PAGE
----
Bloomberg Philanthropies

From Powerbase
Jump to: navigation, search

Bloomberg Philanthropies is the charitable foundation of Michael Bloomberg.

It is 12th on its list of the largest grant-making foundations in the US, and is focused on five policy areas: the environment, public health, the arts, government innovation and education.

In the area of health, for example, Bloomberg announced in 2012 that his foundation was pledging $220 million over four years in the fight against global tobacco use.

Bloomberg Philanthropies has financed market-based education reforms in the US.

Lobbying for corporate education reform

Bloomberg Philanthropies, under the Bloomberg Education Policy Initiative, is lobbying for reform of America's education system. It also donates money to pro-reform political candidates.

Its funding is directed at two areas of reform: leadership in education; and lobbying for specific policy changes. Some of these benefit corporate education providers.

Education reform as Mayor of New York

Michael Bloomberg, who was mayor of New York from 2002-2013, stated that education reform would be his greatest legacy as mayor. To achieve this, he made the city a 'national laboratory for education reform'[1]

The reforms went under the banner of Children First, and were overseen in the main by his appointed schools chancellor, Joel Klein. The planning for the Children First initiative was funded by $4 million in private philanthropic funds, half of which was said to come from venture philanthropist Eli Broad. The planning for Children First was contracted out to McKinsey & Company. Michael Barber, then of McKinsey, formerly education adviser to Tony Blair was one of a handful of advisers to Bloomberg at the time. The team of consultants was led by Ron Beller, a partner at Goldman Sachs, and current trustee of Ark schools based in the UK.[2][3]

Bloomberg's education reforms in New York City were characterised by buzzwords like choice, competition, marketplace and accountability (much like education reforms introduced in the UK under Blair).

Specific policy reforms included:

  • Dramatically increasing the number of charter schools; under Bloomberg, New York City saw a dramatic increase in the number of independently-managed charter schools. This was accompanied by the closure of over a hundred schools deemed to be failing.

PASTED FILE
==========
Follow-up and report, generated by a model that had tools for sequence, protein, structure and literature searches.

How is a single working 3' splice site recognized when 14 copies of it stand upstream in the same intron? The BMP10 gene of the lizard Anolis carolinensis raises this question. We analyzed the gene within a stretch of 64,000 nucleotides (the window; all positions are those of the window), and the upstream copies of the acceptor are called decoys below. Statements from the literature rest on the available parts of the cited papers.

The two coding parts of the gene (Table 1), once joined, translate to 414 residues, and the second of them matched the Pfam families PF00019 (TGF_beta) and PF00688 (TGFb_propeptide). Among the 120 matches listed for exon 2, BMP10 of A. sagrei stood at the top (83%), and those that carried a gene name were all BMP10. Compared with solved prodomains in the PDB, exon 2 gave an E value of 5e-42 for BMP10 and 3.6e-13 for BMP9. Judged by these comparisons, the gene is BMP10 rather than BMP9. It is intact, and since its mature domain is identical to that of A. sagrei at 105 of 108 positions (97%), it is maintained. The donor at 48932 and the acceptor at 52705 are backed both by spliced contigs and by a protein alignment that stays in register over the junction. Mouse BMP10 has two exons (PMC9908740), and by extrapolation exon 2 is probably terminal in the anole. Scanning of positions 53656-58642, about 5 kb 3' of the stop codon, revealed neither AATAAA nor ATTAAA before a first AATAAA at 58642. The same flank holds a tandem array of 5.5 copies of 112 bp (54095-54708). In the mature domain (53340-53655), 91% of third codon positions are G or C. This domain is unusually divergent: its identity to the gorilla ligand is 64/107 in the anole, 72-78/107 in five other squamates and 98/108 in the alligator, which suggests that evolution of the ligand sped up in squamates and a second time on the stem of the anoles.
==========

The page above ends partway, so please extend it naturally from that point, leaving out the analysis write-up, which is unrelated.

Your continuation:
• Reforms to how teachers are evaluated, controversially grading – and rewarding, or punishing teachers - according to test scores.
  • Pushing standardised testing; Bloomberg has supported groups in favour of Common Core State Standards.
  • Smaller schools; with a grant from the Bill & Melinda Gates Foundation, New York City created hundreds of small schools (often by breaking up larger schools into smaller units).
  • Imposed limits on teacher tenure.

The Bloomberg-led education reforms in New York City sparked protests from residents and teachers unions. They are said to have shown 'mixed results'.

Lobbying for education reform across the US

Michael Bloomberg has sought to export his reforms, trialled in New York, across the U.S. The NY Times reported in December 2013, that he was creating a 'high-powered consulting group' to help him reshape cities around the world, based on his experience in New York.[4]

Examples of Bloomberg's money influencing education reforms across the US, include:


Bloomberg gave $200,000 to Education Voters of Idaho, a nonprofit group championing education reform laws in the state of Idaho, which would have limited collective bargaining rights for teachers, implemented performance related pay, and introduced more technology into teaching and learning. The pro-reform campaign was unsuccessful, and the laws were repealed by popular demand.


Bloomberg has put money into lobbying for education reform in Louisiana. Bloomberg Philanthropies states: